Now sure, I could do much of this on a laptop these days.  But I really can’t do the level of work that I do without this gear.  Maybe part of that is just me not moving on, but I have learned over decades how to master the craft of sound engineering, and this old gear is needed.  Ask any professional audio engineer about old Neve or SSL recording consoles from the past, and they will concur with my position here.  I’m confident about that.

I live in Arizona, specifically Scottsdale.  This is a “terra-formed” city – we took a hostile part of the planet – the harsh desert – and we turned it into habitable land and built what is now the 5th largest city in the USA here.  That required re-routing water from the melting snow of the Rocky mountains and diverting it through the Grand Canyon to our city.  Additionally other forms of water supply were harnessed because you can’t put all your eggs in one basket.  As a result, I live in Phoenix with over 5 million others that can get through 4-5 months of 100F+ temperature days – often mixed in with many 110F & 120F temperature days thrown in for good measure.

The secret to this is air conditioning.  Everywhere here has A/C units.  Those units are expensive to operate, and we constant upgrade them at massive costs to ensure that we can live and survive in this hostile climate.  This results in monthly power bills that are 2-3x as much in summer than they are in the more mild winter period.

I have spent a lot of time & money to manage power.  I installed a TED device to monitor by circuit how much power I am drawing.  When you get $500+ monthly power bills in summer, you want to find ways to save money.  I’m Mr. Frugal here, after all.  Maybe the answer is to move to a more temperate climate?  Sure, but the cost of that will be huge, require a lot of disruption and re-establishment of life.  I’m doing that with San Miguel de Allende, but that is a long term play.  In the meantime, I’m still paying the local power company here to survive in this harsh climate.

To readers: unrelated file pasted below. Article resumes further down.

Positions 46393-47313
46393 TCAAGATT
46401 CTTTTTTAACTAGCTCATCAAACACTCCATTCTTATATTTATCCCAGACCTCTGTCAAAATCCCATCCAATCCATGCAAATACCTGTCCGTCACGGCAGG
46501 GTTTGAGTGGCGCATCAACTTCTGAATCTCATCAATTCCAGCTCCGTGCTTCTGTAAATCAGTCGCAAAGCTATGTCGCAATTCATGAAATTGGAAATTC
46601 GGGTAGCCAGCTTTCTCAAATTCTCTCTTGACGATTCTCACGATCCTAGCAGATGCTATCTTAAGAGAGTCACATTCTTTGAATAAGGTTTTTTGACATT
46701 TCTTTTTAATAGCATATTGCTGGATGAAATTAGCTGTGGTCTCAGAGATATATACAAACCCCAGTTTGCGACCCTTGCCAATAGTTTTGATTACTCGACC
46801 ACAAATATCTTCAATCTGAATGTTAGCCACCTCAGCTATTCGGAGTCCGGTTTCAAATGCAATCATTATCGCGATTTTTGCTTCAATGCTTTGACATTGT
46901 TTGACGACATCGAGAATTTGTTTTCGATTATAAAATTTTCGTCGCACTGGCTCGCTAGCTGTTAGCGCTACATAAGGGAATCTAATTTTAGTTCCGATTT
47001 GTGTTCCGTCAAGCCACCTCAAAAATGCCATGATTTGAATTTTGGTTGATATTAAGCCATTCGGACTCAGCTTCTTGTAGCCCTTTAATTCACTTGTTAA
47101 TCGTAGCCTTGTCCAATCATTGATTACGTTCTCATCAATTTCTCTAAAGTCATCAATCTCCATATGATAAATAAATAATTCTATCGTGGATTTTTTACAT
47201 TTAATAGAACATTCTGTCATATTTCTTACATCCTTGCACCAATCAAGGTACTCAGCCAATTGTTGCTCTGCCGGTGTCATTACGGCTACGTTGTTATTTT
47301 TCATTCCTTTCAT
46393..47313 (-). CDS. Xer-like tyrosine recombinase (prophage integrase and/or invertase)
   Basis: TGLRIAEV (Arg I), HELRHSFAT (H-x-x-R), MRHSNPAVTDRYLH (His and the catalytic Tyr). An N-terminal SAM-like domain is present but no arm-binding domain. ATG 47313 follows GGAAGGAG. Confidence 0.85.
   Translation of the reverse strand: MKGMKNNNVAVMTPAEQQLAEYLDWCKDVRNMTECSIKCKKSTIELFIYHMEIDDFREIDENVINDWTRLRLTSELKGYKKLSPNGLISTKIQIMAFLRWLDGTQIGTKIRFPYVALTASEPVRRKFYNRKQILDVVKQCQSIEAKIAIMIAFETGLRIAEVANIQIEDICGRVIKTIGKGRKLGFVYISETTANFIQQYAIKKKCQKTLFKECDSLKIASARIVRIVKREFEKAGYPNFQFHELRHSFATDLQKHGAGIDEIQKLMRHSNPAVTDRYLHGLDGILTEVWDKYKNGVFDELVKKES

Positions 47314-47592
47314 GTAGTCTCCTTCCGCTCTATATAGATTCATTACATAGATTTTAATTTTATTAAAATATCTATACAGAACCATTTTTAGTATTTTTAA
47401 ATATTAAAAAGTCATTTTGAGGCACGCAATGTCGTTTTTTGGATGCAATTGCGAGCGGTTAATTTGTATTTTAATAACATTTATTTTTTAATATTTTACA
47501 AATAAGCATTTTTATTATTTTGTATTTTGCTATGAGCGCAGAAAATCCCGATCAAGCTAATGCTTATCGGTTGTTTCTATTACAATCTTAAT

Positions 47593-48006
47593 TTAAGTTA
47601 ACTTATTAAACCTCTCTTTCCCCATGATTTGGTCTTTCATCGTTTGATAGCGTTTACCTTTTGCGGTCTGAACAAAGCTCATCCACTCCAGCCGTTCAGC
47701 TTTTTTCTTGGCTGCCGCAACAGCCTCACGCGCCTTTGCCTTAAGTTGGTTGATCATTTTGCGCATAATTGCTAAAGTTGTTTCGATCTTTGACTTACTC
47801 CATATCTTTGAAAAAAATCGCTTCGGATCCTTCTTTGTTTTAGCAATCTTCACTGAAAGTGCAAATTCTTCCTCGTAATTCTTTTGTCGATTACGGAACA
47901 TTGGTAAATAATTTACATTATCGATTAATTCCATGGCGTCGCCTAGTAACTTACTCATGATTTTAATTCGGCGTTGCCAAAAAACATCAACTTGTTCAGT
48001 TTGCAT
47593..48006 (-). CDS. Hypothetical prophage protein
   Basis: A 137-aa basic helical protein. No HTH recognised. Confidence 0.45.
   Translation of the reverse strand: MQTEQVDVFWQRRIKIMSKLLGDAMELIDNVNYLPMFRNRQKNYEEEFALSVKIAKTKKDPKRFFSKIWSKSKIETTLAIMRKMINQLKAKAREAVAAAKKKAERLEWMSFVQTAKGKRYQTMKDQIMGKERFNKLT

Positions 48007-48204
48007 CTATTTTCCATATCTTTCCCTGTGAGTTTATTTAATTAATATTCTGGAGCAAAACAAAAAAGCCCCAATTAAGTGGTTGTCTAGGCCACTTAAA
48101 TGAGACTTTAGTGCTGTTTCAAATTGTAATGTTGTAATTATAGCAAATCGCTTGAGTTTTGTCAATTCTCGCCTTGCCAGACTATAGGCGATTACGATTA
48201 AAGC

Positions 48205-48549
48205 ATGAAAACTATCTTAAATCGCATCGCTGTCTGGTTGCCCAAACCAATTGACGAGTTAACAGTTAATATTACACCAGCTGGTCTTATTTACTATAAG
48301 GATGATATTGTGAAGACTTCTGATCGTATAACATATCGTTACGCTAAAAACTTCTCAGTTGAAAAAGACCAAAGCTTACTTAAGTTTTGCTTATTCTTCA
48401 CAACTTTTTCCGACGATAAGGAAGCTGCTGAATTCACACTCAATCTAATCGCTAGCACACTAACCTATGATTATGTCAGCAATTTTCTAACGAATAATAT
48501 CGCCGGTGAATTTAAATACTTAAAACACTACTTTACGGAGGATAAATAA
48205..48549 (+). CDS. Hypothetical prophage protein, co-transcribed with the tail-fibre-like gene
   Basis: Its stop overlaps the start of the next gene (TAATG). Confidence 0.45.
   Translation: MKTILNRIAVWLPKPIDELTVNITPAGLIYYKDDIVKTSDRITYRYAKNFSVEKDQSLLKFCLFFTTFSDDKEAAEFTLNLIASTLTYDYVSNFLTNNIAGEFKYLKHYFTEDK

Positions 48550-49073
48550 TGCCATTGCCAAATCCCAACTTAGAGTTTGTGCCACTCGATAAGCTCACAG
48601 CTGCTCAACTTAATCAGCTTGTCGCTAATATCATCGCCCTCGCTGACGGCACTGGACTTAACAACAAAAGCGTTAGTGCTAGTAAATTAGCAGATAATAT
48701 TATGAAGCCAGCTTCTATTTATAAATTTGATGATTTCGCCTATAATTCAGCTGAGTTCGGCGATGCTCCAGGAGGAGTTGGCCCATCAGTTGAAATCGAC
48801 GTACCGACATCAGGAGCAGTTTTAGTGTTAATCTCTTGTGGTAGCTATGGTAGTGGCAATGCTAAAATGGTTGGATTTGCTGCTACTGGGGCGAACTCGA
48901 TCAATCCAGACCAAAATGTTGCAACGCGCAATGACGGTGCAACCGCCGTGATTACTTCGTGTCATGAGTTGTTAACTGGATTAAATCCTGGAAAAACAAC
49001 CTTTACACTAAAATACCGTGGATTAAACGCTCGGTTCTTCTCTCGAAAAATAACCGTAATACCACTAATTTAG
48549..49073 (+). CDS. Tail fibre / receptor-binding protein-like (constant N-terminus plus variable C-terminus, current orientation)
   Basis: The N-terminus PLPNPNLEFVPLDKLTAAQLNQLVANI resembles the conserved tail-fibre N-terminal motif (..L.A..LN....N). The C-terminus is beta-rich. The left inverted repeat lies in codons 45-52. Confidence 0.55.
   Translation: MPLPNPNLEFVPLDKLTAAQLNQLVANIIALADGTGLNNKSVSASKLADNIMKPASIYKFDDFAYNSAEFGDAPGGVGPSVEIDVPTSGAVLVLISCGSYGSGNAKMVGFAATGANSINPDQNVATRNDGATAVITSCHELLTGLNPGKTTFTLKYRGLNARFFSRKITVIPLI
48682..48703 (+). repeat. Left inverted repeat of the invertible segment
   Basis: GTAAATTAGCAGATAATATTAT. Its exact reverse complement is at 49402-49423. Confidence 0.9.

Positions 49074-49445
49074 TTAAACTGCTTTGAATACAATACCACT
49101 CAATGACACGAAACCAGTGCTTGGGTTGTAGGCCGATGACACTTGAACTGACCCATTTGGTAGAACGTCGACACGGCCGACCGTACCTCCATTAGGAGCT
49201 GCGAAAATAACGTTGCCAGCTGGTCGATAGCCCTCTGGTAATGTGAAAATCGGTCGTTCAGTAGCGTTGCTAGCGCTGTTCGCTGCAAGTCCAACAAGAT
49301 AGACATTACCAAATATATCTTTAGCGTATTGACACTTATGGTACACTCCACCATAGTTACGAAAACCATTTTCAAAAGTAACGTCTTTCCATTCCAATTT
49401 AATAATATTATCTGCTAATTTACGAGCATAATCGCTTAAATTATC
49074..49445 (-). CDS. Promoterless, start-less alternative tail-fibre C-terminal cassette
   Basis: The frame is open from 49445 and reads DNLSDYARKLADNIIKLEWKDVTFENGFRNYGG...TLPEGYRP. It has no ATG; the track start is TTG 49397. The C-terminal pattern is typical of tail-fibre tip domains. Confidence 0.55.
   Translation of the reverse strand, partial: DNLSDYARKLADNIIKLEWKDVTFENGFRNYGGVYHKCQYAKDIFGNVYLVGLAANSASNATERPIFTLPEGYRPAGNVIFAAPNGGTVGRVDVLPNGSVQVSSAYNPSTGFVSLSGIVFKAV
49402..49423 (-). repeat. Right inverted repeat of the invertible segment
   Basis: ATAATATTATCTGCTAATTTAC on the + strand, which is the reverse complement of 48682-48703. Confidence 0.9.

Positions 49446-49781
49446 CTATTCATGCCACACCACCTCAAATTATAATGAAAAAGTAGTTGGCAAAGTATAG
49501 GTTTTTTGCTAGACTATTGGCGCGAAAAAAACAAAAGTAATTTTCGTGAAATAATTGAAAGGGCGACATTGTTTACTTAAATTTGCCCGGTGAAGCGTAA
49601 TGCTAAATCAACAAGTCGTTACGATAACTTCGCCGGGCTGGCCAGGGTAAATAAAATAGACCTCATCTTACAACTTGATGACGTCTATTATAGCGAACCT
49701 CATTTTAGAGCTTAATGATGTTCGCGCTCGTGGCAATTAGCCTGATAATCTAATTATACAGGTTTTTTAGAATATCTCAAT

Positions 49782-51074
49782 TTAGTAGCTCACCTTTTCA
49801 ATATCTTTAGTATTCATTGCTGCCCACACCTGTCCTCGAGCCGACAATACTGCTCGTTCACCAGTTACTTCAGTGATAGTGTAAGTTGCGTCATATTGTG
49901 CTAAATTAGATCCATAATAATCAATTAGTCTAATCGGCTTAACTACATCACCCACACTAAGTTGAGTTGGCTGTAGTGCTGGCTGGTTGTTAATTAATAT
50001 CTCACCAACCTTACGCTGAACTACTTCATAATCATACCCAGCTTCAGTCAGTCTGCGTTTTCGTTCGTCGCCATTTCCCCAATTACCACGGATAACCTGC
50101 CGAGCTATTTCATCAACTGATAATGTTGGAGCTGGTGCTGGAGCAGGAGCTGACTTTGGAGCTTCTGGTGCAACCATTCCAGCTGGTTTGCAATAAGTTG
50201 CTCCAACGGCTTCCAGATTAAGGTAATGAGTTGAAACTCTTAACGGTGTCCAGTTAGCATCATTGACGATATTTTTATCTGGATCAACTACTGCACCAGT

When I install a new server in my home, or in our data center, it is because it can do something new, exciting and revolutionary.  And 99 times out of 100, that means I need to use more power.  That sleek new & fast graphics card from AMD or Nvidia increases my power consumption.  Adding more storage increases power.  Faster CPUs increase power consumption, creates more heat and that heat needs to be moved out, so more air conditioning.

Basically what I’m trying to say here is that if you want to do newer, cooler things and you want to fight against natural entropy, terra form harsh regions as humans migrate to them, you need lots and lots of power.

How does Phoenix do it?  Well half of the city is powered by APS and half is powered by SRP.   APS gets the bulk of its power from nuclear power plants – the Palo Verde Nuclear reactors, and SRP gets the bulk of its power from hydro-energy (that water being brought down from the Rocky Mountains).  There’s a few other coal powered plants in there for good measure, but the bulk is coming from these sources.

I’m on APS, so my home and business interests are powered by nuclear energy.  So are all the power sources that my tenants use for their rental properties.

I pay different rates for power throughout the year, but in the peak of summer hours it is about $0.23 per KwH, and that goes down to about $0.07 per KwH in winter time.  The cost of power generation for nuclear energy is basically front-loaded.  The build of the reactors is the largest expense, but the ongoing costs here are due to cooling costs, security and then storing the waste.

And I live in a state that has more sunshine than pretty much any other.

When I had to make a conscious decision about where to put my servers for my business, I chose to put half of them in Texas and half of them in Arizona.  Why?  Cost of power.  Since I wanted to offer resources to clients that would allow them to grow to the next level, I needed a place that could support that growth.  Clients won’t accept statements like, “I’m sorry but you can’t install that new database technology because we don’t have enough power for it.”.  They will go elsewhere if you have that.  You need to be able to grow with them, and they are hungry for growth.  It seems that the pressure that is on them to compete is huge.

And do you think they will give up on competing because they can’t do it with renewable energy?  Nope.  Give that idea up.  All the BS you hear about Amazon being 100% green, or Apple being 100% green, is pure marketing spin.  The truth is that they couldn’t invent those new semiconductors that power the latest, fastest, tech without a lot of energy.  And Amazon can’t run data centers that power 60% of the Internet with AWS, on purely green energy.  Yes, they might make some BS marketing statement about that, but dig into the truth here – high end, powerful servers, draw at least 3Amp supply each and they have hundreds of thousands of them.  Along with the cost of A/C cooling, power is their #1 operating expense.  And you don’t turn the Internet off when the sun goes down.